WIRED Italia

    (via crookedindifference)


  8. chubbymon:


    dataSTICKIES are the next generation of data portability. They are graphene-based flash drives that replace USB pen drives and hard discs.

    USB-based drives can be inconvenient to use as the positioning and insertion of the drive in the USB slot needs to be done precisely. When the slots are at the rear of a device, as is the case for many desktop computers, this task becomes even more troublesome.

    dataSTICKIES solve this problem by carrying data like a stack of sticky-back notes. Each of the dataSTICKIES can be simply peeled from the stack and stuck anywhere on the optical data transfer surface (ODTS), which is a panel that can be attached to the front surface of devices like computer screens, televisions, music systems, and so on. The special conductive adhesive that sticks the dataSTICKIES to the ODTS is the medium that transfers the data. This special low-tack, pressure-sensitive adhesive is capable of being reused without leaving marks like a repositionable note. When the dataSTICKIES are being read by the device, their edges light up.

    (via lustik)


  9. cjwho:

    How 3D printing will change architecture and construction

    Protohouse by Softkill Design


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  11. red-lipstick:

    Grzesiek Wróblewski (Wroclaw, Poland) - Fuck Me Gently from a Self Portraits series, 2013

    (via 2headedsnake)


  12. imaginingcities:


    Real-Life Instagram Turns A City Into An Indictment Of Our Distracted Photo Culture

    Artist Bruno Ribeiro thinks we spend too much time taking photos with our phones. So he created an analog version of Instagram and placed it near London landmarks. Surprise: people took out their phones to capture the moment.

    Walking down certain London streets, you’ll run into “Real Life Instagram”: an analog version of the app made of cardboard and cellophane and stuck to a post or wall to frame an interesting view.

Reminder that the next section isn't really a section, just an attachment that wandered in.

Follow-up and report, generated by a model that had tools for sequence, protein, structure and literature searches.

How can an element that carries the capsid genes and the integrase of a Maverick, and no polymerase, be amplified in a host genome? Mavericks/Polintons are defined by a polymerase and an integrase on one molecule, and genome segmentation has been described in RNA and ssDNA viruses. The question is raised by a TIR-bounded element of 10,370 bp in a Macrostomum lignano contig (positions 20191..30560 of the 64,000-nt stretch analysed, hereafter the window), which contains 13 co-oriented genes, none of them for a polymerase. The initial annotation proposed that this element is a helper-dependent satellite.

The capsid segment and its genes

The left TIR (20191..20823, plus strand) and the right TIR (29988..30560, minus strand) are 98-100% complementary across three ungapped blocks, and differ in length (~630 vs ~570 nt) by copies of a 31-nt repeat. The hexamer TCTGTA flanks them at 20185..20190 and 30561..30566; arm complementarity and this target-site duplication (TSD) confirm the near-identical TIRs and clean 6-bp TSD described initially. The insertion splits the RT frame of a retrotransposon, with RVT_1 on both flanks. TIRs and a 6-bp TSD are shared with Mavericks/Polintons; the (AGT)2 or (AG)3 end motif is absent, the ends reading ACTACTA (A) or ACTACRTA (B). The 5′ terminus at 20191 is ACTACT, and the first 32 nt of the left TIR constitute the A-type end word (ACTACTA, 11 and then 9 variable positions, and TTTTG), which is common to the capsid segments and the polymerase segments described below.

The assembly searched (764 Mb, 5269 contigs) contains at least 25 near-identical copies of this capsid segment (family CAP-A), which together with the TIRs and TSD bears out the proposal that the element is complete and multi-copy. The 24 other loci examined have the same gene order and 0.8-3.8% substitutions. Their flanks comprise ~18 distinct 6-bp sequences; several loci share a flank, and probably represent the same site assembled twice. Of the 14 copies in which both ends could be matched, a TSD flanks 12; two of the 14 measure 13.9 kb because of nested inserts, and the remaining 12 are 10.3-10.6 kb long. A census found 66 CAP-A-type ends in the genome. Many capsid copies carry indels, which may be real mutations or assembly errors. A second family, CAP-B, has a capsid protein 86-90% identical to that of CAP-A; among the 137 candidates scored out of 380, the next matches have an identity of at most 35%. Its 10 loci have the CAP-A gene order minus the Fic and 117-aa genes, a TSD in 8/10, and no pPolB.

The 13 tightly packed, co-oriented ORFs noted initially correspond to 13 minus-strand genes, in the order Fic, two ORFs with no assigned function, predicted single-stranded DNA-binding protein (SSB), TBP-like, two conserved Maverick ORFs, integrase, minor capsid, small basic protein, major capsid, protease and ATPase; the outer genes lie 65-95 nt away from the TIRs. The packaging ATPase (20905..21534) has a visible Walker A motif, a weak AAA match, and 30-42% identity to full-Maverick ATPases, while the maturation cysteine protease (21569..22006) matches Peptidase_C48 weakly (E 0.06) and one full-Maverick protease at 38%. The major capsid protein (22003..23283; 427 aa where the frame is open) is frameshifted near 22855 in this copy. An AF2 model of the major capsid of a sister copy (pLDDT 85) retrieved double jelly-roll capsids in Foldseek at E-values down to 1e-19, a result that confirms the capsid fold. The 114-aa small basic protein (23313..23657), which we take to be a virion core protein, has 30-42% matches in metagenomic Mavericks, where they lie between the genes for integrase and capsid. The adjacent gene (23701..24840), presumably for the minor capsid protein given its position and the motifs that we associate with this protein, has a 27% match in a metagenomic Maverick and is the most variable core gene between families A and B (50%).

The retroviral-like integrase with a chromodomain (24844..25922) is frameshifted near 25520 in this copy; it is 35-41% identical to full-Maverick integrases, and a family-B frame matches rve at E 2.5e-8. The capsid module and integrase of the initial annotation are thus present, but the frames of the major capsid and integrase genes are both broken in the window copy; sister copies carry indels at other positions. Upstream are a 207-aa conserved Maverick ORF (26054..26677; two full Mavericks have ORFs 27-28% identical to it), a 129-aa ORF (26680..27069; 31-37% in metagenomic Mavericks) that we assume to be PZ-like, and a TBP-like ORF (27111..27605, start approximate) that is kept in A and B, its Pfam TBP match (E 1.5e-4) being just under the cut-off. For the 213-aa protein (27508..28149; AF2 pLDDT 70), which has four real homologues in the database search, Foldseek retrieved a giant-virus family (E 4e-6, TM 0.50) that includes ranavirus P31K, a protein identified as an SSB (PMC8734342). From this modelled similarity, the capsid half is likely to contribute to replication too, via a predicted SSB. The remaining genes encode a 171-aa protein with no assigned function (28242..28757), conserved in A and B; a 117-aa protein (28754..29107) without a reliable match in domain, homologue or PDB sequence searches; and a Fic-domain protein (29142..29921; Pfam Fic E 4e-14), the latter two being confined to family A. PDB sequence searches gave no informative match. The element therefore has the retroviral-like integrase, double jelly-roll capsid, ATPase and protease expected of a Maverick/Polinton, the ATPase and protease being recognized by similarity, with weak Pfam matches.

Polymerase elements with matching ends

The artist behind the project, Bruno Ribeiro, explains that he was inspired to create it both as a tribute to Instagram and a reminder that it’s worthwhile to occasionally leave your phone in your pocket.

    “I’m a huge fan of Instagram—both the app itself and also the way it changes our habits,” Ribiero says. “It brought photography to our daily life, not just when we’re on vacation. It made us more observant of details—things we haven’t seen before, and it made us learn more about photography in general.”

    On the other hand, he says, Instagram is just another way that we stay tethered to our phones, and he wants to help push people to disconnect. “I’m from a pre-Internet generation,” he says. “I’m 35 years old—I’m kind of an old guy. I think the obsession with being connected 24/7 is kind of weird. I’ve been living abroad for a long time, so I see technology bringing people who are physically far away closer, but it’s simultaneously pushing people away from their own neighbors.”

    The project, he hopes, will help people take a moment to notice things about the city. “I want to say, look at this amazing cathedral you’re missing because you’re checking your email,” Ribiero says. “But I also want to bring a little joy to people’s lives—it’s not that I want to be very serious and make a statement. I don’t want to preach. If people are commuting and see these on a lamppost or a wall, and they smile, for me, it works.”

    Love this project

    (via humanscalecities)